3. Policy rates differences. Changes in short-term (2-year) bond yields reflect expectations for central banks’ policy rates. We expect differences in cross-border short-term rates to continue to make a negligible positive contribution to the dollar as global inflation and policy rate differences converge in line with our economic outlook.
4. Inflation rate differences. Conventional wisdom suggests that higher inflation in one country should weaken its currency. When central banks have credible inflation-targeting frameworks, however, research finds that—all other factors being equal—upturns in inflation strengthen their currencies. That’s because accelerating price gains for goods and services also lead to higher expected interest rates. Cross-border inflation differentials boosted the dollar modestly in the last 10 years but likely will be a small force for depreciation going forward.
Even if the United States confounds our expectations by delivering meaningfully better productivity or higher long-term real rates than other countries in the coming decade, we think these factors will only modestly offset, rather than cancel out, the looming depreciation of the dollar. That said, overvaluation is not necessarily an indication that a dollar sell-off is imminent, especially if the global economy is headed for recession.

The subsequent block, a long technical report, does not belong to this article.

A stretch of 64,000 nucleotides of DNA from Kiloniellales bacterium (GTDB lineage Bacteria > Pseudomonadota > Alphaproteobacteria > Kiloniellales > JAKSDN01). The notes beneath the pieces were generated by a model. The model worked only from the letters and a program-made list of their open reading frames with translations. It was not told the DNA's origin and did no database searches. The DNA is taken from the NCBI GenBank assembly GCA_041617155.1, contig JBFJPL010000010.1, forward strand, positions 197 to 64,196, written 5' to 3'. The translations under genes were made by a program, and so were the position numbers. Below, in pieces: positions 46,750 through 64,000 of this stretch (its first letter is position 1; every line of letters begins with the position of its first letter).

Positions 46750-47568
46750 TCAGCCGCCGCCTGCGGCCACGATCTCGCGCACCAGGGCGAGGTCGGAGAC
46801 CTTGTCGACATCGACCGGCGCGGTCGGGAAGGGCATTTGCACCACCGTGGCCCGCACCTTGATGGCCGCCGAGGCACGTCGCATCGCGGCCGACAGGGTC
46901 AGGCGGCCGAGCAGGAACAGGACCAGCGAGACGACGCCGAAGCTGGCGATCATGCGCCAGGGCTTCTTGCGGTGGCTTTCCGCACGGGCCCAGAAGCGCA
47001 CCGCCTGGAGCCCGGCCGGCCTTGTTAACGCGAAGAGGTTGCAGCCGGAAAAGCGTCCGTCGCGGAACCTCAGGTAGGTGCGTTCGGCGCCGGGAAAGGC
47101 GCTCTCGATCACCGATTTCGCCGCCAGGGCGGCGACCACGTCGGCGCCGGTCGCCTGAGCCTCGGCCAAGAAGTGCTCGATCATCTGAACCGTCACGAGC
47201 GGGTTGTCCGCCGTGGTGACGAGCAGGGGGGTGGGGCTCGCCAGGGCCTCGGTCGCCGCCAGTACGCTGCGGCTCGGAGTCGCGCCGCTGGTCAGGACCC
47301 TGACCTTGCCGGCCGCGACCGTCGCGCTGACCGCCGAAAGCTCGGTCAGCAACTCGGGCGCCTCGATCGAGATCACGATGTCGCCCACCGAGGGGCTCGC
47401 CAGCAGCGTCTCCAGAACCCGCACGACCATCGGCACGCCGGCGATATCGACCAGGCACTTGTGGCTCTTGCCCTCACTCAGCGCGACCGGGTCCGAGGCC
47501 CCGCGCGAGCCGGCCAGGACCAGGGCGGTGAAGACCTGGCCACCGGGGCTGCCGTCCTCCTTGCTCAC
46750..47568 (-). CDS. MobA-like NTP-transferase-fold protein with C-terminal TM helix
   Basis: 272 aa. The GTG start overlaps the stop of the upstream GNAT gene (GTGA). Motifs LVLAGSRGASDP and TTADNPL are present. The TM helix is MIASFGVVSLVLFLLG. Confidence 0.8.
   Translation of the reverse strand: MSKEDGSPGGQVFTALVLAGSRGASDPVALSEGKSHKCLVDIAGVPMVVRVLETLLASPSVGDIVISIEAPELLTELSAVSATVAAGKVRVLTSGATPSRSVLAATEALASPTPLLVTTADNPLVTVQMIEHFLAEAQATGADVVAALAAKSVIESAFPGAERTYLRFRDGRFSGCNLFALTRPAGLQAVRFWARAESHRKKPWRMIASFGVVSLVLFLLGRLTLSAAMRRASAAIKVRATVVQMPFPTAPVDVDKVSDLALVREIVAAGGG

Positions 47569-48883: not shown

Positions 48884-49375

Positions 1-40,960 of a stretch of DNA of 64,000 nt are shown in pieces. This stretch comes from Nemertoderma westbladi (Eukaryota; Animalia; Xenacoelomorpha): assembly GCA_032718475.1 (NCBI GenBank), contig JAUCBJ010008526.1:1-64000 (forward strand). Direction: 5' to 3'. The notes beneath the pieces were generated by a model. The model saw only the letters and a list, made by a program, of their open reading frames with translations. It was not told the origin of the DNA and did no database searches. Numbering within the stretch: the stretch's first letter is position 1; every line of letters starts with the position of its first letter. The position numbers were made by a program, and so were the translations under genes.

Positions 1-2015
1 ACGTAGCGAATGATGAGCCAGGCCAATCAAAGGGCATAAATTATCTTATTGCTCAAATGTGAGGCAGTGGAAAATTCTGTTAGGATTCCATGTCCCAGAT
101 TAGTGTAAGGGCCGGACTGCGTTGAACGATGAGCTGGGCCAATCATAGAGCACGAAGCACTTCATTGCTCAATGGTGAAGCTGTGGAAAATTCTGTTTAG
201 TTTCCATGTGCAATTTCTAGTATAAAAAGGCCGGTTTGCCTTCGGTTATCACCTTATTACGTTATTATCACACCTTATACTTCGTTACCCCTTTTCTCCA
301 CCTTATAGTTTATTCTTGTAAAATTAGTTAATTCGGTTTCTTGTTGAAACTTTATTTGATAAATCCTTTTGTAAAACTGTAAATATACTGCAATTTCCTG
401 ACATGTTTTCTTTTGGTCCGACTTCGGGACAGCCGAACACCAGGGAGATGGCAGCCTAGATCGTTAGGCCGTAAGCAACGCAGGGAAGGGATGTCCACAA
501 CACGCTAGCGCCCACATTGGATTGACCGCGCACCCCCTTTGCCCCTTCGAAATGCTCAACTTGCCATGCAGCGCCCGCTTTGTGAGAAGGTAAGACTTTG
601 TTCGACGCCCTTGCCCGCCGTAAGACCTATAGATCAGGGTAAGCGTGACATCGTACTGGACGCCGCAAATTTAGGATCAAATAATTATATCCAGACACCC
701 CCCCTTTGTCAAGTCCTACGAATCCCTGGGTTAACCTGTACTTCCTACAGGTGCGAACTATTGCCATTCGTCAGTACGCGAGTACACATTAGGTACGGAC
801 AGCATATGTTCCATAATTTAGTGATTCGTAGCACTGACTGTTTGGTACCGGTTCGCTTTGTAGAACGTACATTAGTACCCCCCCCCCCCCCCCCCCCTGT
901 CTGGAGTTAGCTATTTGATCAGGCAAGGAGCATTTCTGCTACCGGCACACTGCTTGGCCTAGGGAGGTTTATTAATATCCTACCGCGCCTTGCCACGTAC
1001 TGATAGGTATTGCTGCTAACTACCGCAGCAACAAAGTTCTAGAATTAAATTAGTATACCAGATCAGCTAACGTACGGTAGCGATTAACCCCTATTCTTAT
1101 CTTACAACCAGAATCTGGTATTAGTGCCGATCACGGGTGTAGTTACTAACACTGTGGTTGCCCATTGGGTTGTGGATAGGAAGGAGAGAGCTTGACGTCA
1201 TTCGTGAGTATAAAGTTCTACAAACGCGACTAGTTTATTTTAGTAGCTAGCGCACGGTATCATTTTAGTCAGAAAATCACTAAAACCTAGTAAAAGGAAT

“We have high conviction that the U.S. dollar will correct over the long term to levels implied by fundamental economic forces,” said Kresnak. “But identifying the catalyst for a weakening dollar is difficult, and its volatility could lead to an abrupt correction or further deviations from fair value. For those reasons, we’d caution investors against trying to time to currency markets and instead encourage them to view our forecast as a modest long-term tailwind for globally diversified portfolios.”